Photo by Leon Neal
Artillery Row

Where’s the future?

Rishi Sunak’s budget is taking us back to the 1970s, but with none of the fun

Well, that was terrible.” I can’t be the only person who thought it, as Rishi Sunak sat down after delivering forty minutes of eye-watering tax and spend that would make Tony Blair (whose mannerisms seemed to be echoing through the Chancellor) blush. 

Oh, the delivery was fine; the delivery was excellent — as confident and polished as one might expect from the Tories’ self-styled leader in waiting. There were even some subtle-as-a-breezeblock nods to where we’d be if Sunak were actually in the top job: he doesn’t like raising taxes, y’ see, he just does it because he has to. He’s a small-state Conservative; it’s Johnson who’s the big state man. The physicality of the two only serves to emphasise this.

Our tax burden is the greatest since the War

But the direction of travel of this government is clear. Inflation will “average” four per cent over the next year — which could easily mean it will go much higher. Four per cent, five per cent, seven per cent, fifteen per cent, twenty-seven per cent — it’s happened before, so why not again? Our tax burden is the greatest it’s been since the War. The public sector is huge, and bristling for even more cash. Couple that with £2 trillion of national debt, plus energy price hikes, a rise in National Insurance, £150 billion of extra public spending, and falling wages, and the economic stew simmering away at the heart of Downing Street has the potential to make us very sick indeed. 

“What’s not to like?” tweeted Telford MP Lucy Allan. Actually, quite a lot. “This is certainly not Conservative philosophy,” Michael Portillo told Times Radio. “The Conservatives do not believe that these policies could possibly be successful.” 

It seems we’re going back to the 1970s, but with none of the fun. If Bruce Forsyth were back gurning “didn’t they do well?” on prime-time BBC One; if Mr Humphries were busily totting up his weekly sales, and announcing his y-fronts were down again; if Fanny Craddock were slapping green goo on a brown brick and calling it a Christmas cake; if our tech were degenerating back into bookcase-sized units with reel-to-reel tapes whirring away inside them; and if Patrick Moore were telling us that we’d soon be living on Mars in houses that look suspiciously like caravans painted silver with bits of tinsel stuck on them, I’d be the first to sign up.

Popular comedy is increasingly afraid of jokes

Forget a consistent electricity supply, or refuse collections, or burying Auntie Maude. I’m all for going to hell in a handcart if there are plenty of double-entendres, gaiety girls, Black Forest Gateaux and quivering inside legs to send us merrily on our way.

But that, sadly, is not the Johnson vision of the future. There will be no equivalent of Max Bygraves waving about a fraying union flag on VE Day where this government wants to take us. No street parties with curled up ham sandwiches and Mrs Mills hammering out “My Old Man Said Follow the Van” on a dusty LP. No Hinge and Bracket carefully, studiedly, camply murdering Land of Hope and Glory. This government is committed, apparently, to that most dangerous thing of all: “progress”.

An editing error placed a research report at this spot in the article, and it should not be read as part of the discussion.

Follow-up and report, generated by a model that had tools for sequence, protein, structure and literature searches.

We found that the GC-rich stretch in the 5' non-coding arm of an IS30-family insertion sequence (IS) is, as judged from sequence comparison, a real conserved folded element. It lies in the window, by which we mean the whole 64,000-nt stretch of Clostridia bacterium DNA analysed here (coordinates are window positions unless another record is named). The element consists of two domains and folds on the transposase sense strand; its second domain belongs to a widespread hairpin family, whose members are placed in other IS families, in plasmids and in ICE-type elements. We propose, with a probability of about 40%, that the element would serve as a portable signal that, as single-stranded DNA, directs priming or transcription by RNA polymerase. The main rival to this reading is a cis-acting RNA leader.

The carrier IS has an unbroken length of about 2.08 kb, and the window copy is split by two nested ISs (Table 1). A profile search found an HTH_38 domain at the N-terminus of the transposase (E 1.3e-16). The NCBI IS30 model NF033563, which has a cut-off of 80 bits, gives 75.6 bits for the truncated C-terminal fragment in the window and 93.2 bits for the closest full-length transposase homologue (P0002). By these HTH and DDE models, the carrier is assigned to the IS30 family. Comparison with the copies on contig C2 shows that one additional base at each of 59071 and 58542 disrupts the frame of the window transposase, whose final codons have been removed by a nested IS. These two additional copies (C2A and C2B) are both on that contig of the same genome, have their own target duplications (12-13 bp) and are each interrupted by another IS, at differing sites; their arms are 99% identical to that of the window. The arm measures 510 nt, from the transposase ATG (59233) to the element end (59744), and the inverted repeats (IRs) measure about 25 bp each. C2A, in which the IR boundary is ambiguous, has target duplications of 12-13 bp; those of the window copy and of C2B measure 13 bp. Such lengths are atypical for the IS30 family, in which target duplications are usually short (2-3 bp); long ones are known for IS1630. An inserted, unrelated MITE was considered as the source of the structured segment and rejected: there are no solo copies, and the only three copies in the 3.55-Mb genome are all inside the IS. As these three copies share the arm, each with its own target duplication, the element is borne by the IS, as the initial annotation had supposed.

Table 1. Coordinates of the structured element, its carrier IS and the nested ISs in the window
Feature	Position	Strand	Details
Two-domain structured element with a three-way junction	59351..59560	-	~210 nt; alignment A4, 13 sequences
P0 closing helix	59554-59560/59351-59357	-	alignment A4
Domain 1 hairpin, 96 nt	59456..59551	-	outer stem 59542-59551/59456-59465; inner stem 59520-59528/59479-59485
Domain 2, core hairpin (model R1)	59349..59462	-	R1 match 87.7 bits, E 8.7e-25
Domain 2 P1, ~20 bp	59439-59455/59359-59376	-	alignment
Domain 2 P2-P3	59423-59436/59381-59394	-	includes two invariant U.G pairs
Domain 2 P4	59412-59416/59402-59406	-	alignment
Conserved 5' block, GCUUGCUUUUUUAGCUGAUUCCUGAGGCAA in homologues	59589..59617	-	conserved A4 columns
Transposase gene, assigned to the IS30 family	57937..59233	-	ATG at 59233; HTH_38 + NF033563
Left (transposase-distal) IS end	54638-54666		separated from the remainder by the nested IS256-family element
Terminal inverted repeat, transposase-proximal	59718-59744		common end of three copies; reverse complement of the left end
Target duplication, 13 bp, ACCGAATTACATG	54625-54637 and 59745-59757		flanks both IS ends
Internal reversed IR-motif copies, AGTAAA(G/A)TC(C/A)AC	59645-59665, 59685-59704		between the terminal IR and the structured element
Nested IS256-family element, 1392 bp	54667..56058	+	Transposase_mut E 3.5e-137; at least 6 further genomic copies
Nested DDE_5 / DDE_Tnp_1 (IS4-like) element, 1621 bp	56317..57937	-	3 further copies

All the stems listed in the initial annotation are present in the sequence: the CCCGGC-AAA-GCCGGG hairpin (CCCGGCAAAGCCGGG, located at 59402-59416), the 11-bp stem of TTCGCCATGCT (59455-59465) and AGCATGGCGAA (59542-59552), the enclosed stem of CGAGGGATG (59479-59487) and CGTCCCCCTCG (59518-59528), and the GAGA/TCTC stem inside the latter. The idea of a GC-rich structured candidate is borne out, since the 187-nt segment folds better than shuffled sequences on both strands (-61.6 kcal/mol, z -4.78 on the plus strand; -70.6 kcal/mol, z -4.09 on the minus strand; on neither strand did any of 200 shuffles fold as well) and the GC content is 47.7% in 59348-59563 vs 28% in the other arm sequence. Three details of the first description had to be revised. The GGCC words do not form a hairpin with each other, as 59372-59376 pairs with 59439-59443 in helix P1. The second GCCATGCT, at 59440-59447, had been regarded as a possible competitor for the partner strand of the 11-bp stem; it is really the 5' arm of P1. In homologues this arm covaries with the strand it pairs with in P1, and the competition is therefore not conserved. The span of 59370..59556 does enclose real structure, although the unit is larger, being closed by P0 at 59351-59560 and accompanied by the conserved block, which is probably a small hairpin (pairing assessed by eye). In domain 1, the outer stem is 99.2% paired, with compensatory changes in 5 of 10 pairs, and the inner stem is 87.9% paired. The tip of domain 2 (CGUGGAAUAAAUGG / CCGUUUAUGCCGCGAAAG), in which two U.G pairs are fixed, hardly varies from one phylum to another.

Well, some may argue, at least there won’t be any 70s-style racism, sexism or homophobia in the glistening new future of tidal power and sky high bills. Sadly, all these hideous monsters have been returned to us — via pronouns, Stonewall and critical race theory. Gaily, we are stripping away women’s rights, re-racialising our citizens, stoking up cults of victimhood and deepening all the divisions that many of us hoped we’d consigned to history forever. Although happily equal under the law, we are, socially at least, becoming less equal again.

We are laughing less, and we are laughing nervously. Popular comedy is increasingly afraid of jokes, resorting instead to turgid, performer-led, self-immolations. Comedians are self-censoring. Ordinary punters are self-censoring: silly people making silly jokes, perhaps with less articulacy or sensitivity than you or I, are no longer treated as silly people making silly jokes, but dangerous agents of bigotry who require public reprimand or worse. 

This was a budget of joyless, reheated old ideas

This is all happening on Johnson’s watch. The breezily-libertarian, believe-in-Britain, “let’s have a laugh” Prime Minister who promised to restitute our culture, reinvigorate our forgotten towns and re-energise our economy. The irony, perhaps, is that he feels increasingly like a 70s creation himself. His initials help, of course, as does his surname. He still attempts the odd joke, but these too are wearing thin: far more series-10-after-the-original-writers-have-left than series-3-in-its-pomp. Many Tories have told me Johnson is like a cushion: he bears the imprint, and promotes the ideas, of whoever last sat on him. Perhaps — just perhaps — the power at the centre of the Party (and it’s not the Prime Minister; his public-facing support is broad at the moment, but thin) need to insist he has new people around him. 

This was a budget of joyless, reheated old ideas, from a government that could be using its majority to do so much, but instead seems obsessed with shooting Labour’s fox and walking around in its shabby, desiccated pelt. Snap polling and the Front Pages suggest it’s popular. Maybe. But its cold, monolithic, statist teeth have yet to bite. A Conservative Party committed to high taxes and a voluminous state, trembling before extreme cultural identitarians, whilst seemingly unable to deal with a handful of eco-terrorists? Many MPs, activists and voters will be queasily wondering: where’s the future in that?

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